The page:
TITLE: Millstone 6/20/15
By Pat Small
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I don’t know what I thought a millstone was. Truthfully, I don’t think I really gave it much thought. I just sort of skimmed over it when I read it, assuming it was some sort of big rock but really of minor significance to me.
Meandering through the Botannical Gardens in Rio de Janeiro we happened upon a millstone. You could have seen my jaw hit the pavement if you had been there. I was shocked at the mammoth size. Gazing at the objects, I considered the words of Jesus, “But whoso shall offend one of these little ones which believe in me, it were better for him that a millstone were hanged about his neck, and that he were drowned in the depth of the sea” (Matthew 18:6).
Doing a little research later,I discovered that a millstone could weigh between 100 and 1000 pounds, depending on who or what might be turning it. Smaller ones were turned by women to grind food for cooking. Larger ones were turned by animals or machinery. Even the smaller ones ould
be sufficient to cause a person to sink and drown, or perhaps be strangled by the pressure around the neck. It would not be a good way to leave this world. And that seems to be Jesus’s point here as He warns against offending a child, or a newborn Christian who is sometimes compared to a child.
Beyond the physical agony of such a death, one would do well to remember the Judgment Seat
of Christ where that sin will be remembered. In the book of Acts we read, “…for we receive the due reward of our deeds…”(Luke 23:41). Easiest thing would be to monitor our words and actions,
making sure we do not offend one of these little ones, thereby avoiding the painful consequences.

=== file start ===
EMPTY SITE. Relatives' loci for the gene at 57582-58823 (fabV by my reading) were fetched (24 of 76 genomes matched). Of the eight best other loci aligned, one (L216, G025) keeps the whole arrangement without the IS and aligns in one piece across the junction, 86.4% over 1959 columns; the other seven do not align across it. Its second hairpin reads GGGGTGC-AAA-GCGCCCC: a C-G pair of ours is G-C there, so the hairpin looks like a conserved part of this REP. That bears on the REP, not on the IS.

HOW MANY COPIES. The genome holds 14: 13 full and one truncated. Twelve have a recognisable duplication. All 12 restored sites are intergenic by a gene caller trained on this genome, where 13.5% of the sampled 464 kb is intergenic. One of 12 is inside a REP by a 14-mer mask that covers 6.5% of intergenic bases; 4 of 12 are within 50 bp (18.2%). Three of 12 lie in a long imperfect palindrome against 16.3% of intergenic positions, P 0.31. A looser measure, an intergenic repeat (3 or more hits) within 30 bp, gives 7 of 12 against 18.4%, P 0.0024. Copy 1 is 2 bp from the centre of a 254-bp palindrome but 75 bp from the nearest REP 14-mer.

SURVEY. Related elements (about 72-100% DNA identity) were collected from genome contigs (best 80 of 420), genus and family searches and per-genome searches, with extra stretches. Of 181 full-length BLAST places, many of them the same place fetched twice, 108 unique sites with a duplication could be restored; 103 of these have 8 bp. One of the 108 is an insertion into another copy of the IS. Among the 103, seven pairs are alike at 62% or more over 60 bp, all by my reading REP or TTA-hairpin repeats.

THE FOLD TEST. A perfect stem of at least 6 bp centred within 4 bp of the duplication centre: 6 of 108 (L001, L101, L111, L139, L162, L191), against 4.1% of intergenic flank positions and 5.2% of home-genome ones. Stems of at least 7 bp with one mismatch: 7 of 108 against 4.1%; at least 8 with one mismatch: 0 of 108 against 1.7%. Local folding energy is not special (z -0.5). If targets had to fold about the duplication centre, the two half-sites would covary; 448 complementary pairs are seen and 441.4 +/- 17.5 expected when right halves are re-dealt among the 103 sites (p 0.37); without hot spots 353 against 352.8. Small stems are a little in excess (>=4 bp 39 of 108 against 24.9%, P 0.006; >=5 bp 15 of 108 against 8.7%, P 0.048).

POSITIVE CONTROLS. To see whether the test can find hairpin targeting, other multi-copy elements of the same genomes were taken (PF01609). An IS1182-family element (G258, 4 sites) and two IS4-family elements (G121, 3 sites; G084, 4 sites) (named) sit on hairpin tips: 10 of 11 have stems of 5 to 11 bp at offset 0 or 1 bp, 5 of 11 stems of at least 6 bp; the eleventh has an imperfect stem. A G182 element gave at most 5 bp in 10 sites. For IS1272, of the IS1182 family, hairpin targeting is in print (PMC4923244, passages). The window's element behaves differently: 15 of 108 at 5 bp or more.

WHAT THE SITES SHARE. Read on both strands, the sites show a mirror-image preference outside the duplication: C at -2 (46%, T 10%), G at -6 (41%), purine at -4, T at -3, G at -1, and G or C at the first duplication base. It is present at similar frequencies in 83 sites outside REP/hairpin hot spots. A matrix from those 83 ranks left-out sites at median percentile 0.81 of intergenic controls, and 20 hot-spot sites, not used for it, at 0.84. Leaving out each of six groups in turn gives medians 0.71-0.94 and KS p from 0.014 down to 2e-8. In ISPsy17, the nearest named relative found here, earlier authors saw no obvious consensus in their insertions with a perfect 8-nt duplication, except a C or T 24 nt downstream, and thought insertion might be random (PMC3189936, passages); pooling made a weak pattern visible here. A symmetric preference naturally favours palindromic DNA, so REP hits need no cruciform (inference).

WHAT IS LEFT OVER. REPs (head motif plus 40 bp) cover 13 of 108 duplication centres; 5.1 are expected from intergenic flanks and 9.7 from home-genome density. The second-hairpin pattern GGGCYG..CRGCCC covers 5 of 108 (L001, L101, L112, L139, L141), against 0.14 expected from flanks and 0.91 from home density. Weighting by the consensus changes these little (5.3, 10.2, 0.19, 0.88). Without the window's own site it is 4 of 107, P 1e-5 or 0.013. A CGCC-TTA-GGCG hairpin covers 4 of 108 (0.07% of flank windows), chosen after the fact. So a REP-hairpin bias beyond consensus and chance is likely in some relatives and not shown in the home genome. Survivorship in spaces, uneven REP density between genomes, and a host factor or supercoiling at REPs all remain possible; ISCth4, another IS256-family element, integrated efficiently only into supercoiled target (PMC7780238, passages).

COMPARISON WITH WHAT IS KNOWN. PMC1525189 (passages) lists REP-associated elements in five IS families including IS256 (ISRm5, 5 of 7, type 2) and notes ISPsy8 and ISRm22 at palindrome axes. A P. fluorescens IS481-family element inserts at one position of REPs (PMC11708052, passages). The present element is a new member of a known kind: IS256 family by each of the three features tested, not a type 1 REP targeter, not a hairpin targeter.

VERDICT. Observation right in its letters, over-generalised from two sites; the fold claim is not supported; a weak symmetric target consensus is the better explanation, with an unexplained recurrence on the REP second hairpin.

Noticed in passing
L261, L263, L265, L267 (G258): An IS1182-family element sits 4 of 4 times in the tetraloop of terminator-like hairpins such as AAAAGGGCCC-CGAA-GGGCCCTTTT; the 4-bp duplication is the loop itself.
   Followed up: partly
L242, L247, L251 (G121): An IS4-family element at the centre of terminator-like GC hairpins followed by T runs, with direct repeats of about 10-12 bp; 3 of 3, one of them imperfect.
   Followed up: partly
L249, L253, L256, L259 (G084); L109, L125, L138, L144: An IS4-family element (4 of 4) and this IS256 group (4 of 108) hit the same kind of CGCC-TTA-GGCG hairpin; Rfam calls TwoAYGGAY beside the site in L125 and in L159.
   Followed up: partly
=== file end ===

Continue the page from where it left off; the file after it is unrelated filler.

And so we might wonder: how do I offend a new believer, or a small child? I don’t teach
children anymore, so I have very little contact with children. But you may have grandchildren. If so, do you feel Impatient with their exhuberance while you are trying to watch tv or talk with your own children? Do you give irritated glances to the children running in the halls at church when you think they should Be more respectful? You may not say anything, but so often that cool attitude seems to transmit itself across a room and be sensed by tender hearts.
New believers are another thing. It’s easy to look with disdain at their immodest dress, or their slangy conversation that borders on blasphemy. There are kind ways to bring their attention to things that may never have occurred to them. Judgmental platitudes won’t cut it.
Or perhaps you, being the super-spiritual older believers, feel that you can go places and do things that a weaker Christian can’t. Perhaps you can, but perhaps you shouldn’t. Witnessing those acts could cause someone to stumble. Are they too important to you to be forsaken for the benefit of someone else?
When we were new believers, a sweet family temporarily adopted us until the military sent us In opposite directions. She would stand over our baby in his carriage and talk to him, telling him things she really wanted us to know. But certainly we could not be offended when she was smiling sweetly at our precious baby and chucking him under the chin.
Certainly there are other ways that we can counsel a new believer without becoming a
stumblingblock to them. We can have them in our home so they see the way a Christian family
relates. Young friends of ours in Brasil have a unique way of doing this. A beach is the preferred recreational spot, so they organize weekend retreats where they invite two or three solid Christian families and a family they sense is having difficulties. Without saying a “preaching word” they are able to teach their friends by example.
As for children, we can give them a reward they didn’t know they were trying to obtain. We might say, “I noticed how quietly you sat in class today, and I just wanted to thank you for respecting God’s house,” as we hand them a candy bar or a new box of crayons, some small trinket, or maybe just an extra warm hug.
I’m sure if we ask God about it, He will be more than happy to bring thoughts to our minds
that we can follow up on, in ways that will be a blessing and a teaching moment without becoming
obnoxious, judgmental, irritating older believers.
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